Not Even Past is proud to partner with This is Democracy, a groundbreaking podcast that brings together thoughtful voices from different generations to help make sense of current challenges and propose positive steps forward. For Episode 120 of This is Democracy, Jeremi and Zachary Suri hosted Professor Hannah Gurman and Professor Kaeten Mistry to discuss the role of dissent, specifically whistleblowers, in U.S. national security and defense.
…one of the discoveries we made is that, in many respects, whistle-blowing is an act of desperation. But it is not necessarily radical, it’s historical phenomenon that have made it radical. So that’s why it’s important to trace this history.Professor Hannah Gurman
Listen to the podcast below or see it here.
For further readings on whistle-blowers and the role of dissent in U.S. national security and defense, Hannah Gurman and Kaeten Mistry recommend the following five books.
Kaeten Mistry & Hannah Gurman, eds., Whistleblowing Nation: The History of National Security Disclosures and the Cult of Secrecy (New York: Columbia University Press, 2020).
“The twenty-first century witnessed a new age of whistleblowing in the United States. Disclosures by Chelsea Manning, Edward Snowden, and others have stoked heated public debates about the ethics of exposing institutional secrets, with roots in a longer history of state insiders revealing privileged information. Bringing together contributors from a range of disciplines to consider political, legal, and cultural dimensions, Whistleblowing Nation is a pathbreaking history of national security disclosures and state secrecy from World War I to the present. The contributors explore the complex politics, motives, and ideologies behind the revelation of state secrets that threaten the status quo, challenging reductive characterizations of whistleblowers as heroes or traitors. They examine the dynamics of state retaliation, political backlash, and civic contests over the legitimacy and significance of the exposure and the whistleblower. The volume considers the growing power of the executive branch and its consequences for First Amendment rights, the protection and prosecution of whistleblowers, and the rise of vast classification and censorship regimes within the national-security state. Featuring analyses from leading historians, literary scholars, legal experts, and political scientists, Whistleblowing Nation sheds new light on the tension of secrecy and transparency, security and civil liberties, and the politics of truth and falsehood.”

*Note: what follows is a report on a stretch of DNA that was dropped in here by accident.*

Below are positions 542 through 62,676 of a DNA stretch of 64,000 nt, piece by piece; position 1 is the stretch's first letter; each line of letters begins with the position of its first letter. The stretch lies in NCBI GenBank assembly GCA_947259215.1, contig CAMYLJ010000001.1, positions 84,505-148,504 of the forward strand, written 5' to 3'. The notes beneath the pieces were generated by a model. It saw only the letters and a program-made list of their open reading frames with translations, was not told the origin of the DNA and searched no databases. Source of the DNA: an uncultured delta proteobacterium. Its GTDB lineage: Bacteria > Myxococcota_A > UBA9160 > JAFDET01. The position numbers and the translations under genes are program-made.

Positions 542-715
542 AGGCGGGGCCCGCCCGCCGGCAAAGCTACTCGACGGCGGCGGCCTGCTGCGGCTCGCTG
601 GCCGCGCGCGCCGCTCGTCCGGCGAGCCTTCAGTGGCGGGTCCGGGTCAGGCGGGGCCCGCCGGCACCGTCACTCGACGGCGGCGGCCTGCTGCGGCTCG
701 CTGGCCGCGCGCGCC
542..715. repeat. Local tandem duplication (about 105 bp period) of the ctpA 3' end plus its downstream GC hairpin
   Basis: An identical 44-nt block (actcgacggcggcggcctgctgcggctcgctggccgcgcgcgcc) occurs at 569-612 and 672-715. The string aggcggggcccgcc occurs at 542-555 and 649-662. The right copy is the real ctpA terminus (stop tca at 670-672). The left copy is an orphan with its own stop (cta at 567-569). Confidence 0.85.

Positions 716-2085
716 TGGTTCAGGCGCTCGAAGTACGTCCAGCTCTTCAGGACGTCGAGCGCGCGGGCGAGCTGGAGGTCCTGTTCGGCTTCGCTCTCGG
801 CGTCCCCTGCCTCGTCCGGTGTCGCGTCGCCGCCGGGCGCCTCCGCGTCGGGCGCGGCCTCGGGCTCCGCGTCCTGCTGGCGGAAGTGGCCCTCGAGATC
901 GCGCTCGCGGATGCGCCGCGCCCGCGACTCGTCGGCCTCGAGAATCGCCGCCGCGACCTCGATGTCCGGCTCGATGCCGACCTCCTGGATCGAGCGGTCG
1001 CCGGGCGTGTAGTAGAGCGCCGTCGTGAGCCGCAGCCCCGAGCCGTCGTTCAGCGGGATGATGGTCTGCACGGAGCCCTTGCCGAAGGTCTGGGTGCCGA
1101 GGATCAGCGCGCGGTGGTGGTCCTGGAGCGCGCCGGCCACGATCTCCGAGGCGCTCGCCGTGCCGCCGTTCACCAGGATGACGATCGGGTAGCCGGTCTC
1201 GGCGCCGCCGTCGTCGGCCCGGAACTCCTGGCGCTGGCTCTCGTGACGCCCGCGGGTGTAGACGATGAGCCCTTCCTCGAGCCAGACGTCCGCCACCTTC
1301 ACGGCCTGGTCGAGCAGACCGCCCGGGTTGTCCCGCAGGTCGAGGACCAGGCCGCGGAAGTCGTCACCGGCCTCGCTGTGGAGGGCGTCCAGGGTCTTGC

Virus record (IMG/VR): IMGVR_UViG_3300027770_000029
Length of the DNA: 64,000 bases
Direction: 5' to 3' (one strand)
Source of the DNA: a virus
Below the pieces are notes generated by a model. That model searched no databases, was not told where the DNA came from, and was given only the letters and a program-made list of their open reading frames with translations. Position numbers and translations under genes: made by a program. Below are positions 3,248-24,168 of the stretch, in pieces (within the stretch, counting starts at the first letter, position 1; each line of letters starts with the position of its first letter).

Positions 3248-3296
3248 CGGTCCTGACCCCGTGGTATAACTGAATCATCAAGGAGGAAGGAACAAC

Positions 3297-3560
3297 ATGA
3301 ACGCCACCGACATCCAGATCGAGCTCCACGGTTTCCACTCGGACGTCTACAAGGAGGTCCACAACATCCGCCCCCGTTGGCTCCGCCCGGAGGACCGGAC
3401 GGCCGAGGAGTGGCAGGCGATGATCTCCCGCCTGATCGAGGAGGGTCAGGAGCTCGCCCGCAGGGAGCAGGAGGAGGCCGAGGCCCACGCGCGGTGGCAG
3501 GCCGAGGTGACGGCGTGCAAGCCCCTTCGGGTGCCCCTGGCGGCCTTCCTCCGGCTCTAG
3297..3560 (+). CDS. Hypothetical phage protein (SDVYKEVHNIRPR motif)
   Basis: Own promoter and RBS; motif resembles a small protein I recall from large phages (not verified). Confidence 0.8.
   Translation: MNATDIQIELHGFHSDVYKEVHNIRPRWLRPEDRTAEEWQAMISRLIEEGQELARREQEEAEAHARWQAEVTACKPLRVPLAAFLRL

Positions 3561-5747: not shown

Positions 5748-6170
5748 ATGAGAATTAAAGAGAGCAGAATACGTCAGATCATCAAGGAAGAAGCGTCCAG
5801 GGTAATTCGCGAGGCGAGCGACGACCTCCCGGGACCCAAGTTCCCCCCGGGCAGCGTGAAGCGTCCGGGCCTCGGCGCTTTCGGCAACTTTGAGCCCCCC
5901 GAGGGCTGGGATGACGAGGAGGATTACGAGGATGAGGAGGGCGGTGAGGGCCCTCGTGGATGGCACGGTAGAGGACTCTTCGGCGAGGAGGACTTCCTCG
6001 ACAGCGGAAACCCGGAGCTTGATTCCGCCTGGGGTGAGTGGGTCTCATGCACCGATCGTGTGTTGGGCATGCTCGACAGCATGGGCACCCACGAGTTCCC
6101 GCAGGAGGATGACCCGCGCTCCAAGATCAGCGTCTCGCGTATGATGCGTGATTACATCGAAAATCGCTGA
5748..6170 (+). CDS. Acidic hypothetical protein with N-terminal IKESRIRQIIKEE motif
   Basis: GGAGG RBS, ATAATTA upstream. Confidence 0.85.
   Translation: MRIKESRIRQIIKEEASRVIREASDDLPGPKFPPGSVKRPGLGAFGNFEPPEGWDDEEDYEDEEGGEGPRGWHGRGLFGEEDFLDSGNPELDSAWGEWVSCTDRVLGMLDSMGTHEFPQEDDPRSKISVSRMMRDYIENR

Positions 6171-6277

Hannah Gurman, The Dissent Papers: The Voices of Diplomats in the Cold War and Beyond (New York: Columbia University Press, 2012).